On May 30 and the days that followed, Aislinn Pulley was scrambling to keep up with the situation on the ground. The Black Lives Matter Chicago cofounder was among the thousands who took to the streets downtown, marching in traffic in response to the death of George Floyd and other Black men and women killed by the police. One moment, she would be in an intersection holding her bullhorn calling out the names of those who had been killed or incarcerated, including, from the Chicago area, Laquan McDonald, Rekia Boyd, and Pierre Loury. The next, she was standing on the side of the street, texting, calling, emailing, and canvassing social media for the latest updates on the protests. Then she’d rush back to her bedroom-based home office in Hyde Park to handle the protesters’ needs: Who had been arrested? Who needed help? Which police stations were holding people and which attorneys were available to aid them?

For Pulley, the protests and aftermath felt like a tipping point, as Black Lives Matter was catapulted from a marginalized group sometimes dismissed as “fringe” to the center of a national reckoning on racial justice. “This new terrain was being formed right before our eyes, where masses of people were finally understanding the full breadth of the violence that people experience and demanding that it ends,” says Pulley, who is also co–executive director at the nonprofit Chicago Torture Justice Center, which provides social-emotional support to survivors of police brutality.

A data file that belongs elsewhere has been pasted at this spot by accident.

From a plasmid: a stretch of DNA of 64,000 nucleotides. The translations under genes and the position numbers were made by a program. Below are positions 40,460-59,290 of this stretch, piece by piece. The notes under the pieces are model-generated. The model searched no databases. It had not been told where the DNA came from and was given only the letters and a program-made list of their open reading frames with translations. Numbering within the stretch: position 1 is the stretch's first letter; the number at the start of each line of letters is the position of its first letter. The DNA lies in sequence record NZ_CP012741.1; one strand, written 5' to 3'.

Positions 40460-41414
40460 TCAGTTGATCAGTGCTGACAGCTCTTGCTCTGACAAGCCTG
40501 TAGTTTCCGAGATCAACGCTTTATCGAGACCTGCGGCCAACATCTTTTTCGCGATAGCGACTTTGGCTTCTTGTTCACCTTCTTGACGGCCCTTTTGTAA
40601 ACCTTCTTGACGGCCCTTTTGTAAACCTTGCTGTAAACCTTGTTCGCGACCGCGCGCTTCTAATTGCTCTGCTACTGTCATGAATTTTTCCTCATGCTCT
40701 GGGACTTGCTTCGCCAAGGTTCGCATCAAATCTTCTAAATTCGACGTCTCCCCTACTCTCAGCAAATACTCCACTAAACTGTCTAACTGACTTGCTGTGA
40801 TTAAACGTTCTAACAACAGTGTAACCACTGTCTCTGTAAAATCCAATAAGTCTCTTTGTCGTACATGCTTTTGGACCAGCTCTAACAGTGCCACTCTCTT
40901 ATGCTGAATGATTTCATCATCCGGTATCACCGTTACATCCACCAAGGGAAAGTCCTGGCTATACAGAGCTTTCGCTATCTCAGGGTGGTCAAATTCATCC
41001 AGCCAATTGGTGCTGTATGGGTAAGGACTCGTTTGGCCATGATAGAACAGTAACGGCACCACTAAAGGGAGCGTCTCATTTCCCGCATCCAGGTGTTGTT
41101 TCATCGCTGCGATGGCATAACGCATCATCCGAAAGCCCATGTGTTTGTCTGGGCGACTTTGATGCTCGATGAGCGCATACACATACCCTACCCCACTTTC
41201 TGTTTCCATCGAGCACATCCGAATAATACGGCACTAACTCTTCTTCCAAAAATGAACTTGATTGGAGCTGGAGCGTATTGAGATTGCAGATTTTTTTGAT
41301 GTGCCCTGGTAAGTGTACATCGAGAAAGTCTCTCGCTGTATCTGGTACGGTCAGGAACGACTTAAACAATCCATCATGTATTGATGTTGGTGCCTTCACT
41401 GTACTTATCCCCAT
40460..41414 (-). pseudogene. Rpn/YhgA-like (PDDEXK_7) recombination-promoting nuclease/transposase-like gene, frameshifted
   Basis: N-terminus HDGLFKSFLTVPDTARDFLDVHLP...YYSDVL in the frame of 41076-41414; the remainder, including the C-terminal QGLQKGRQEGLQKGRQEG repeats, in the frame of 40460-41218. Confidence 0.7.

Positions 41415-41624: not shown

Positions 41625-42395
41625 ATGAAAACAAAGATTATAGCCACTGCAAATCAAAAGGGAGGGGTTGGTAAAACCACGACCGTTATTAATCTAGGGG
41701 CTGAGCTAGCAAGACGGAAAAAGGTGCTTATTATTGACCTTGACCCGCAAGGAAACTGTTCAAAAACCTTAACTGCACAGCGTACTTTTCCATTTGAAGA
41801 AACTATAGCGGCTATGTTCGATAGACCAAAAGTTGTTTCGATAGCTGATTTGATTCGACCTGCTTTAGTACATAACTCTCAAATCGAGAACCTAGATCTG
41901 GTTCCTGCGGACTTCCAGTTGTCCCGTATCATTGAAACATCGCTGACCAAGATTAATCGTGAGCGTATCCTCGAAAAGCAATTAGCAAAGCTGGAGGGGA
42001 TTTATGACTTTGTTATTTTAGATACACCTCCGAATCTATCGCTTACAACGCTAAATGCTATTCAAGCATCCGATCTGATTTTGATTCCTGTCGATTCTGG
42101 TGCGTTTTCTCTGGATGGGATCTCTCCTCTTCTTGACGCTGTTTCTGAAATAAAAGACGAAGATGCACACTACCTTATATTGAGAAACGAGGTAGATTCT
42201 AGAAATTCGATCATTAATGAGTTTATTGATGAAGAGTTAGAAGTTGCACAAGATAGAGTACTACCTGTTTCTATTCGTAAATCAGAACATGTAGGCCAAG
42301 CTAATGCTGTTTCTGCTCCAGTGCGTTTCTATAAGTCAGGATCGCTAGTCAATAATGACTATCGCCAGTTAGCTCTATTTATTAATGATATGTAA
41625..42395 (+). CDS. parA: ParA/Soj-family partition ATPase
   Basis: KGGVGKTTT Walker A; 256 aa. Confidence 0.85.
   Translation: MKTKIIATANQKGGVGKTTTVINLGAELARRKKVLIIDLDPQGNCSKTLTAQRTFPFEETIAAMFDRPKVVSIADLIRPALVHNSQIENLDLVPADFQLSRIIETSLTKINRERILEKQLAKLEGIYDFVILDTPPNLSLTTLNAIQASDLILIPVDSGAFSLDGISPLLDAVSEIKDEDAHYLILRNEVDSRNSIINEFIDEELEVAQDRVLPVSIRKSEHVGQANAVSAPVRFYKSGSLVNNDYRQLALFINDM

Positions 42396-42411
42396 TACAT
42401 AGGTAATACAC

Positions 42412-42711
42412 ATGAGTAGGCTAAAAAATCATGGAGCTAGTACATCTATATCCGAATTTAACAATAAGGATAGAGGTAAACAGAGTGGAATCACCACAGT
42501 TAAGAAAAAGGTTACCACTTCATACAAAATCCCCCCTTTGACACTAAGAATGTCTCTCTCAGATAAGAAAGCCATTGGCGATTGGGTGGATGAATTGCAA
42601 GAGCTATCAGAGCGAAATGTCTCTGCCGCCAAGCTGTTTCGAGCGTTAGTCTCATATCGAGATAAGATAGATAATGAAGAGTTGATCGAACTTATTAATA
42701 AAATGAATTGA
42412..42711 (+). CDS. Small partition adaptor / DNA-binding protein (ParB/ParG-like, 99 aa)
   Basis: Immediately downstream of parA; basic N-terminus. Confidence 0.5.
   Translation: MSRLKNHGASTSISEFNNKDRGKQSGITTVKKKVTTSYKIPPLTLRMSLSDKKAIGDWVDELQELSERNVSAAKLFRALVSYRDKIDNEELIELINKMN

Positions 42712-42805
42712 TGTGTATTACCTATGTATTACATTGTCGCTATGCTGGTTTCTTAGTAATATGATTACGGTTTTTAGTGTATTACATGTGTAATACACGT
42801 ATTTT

Pulley emerged as the face of Black Lives Matter Chicago, conducting local and national interviews from her bedroom office. And in late July, she stood at the microphone in Federal Plaza the day BLM Chicago and other organizations filed a civil rights lawsuit against federal law enforcement agencies to keep them from targeting protesters. “They are trying to suppress our righteous anger, and we will not be suppressed,” she said. “We will continue fighting back.”

Just as images of Black people being knocked down by water hoses and attacked by dogs helped turn the tide during the civil rights movement in the ’60s, so have images like the ones Pulley saw this summer while protesting: one friend pinned to the ground by his neck as George Floyd had been weeks earlier by police in Minneapolis, another friend’s child pulled away by police. “The demands to defund the police, to reopen criminal cases, get cops out of schools, this is a long-term struggle and long-term work. And we want to keep the energy up.”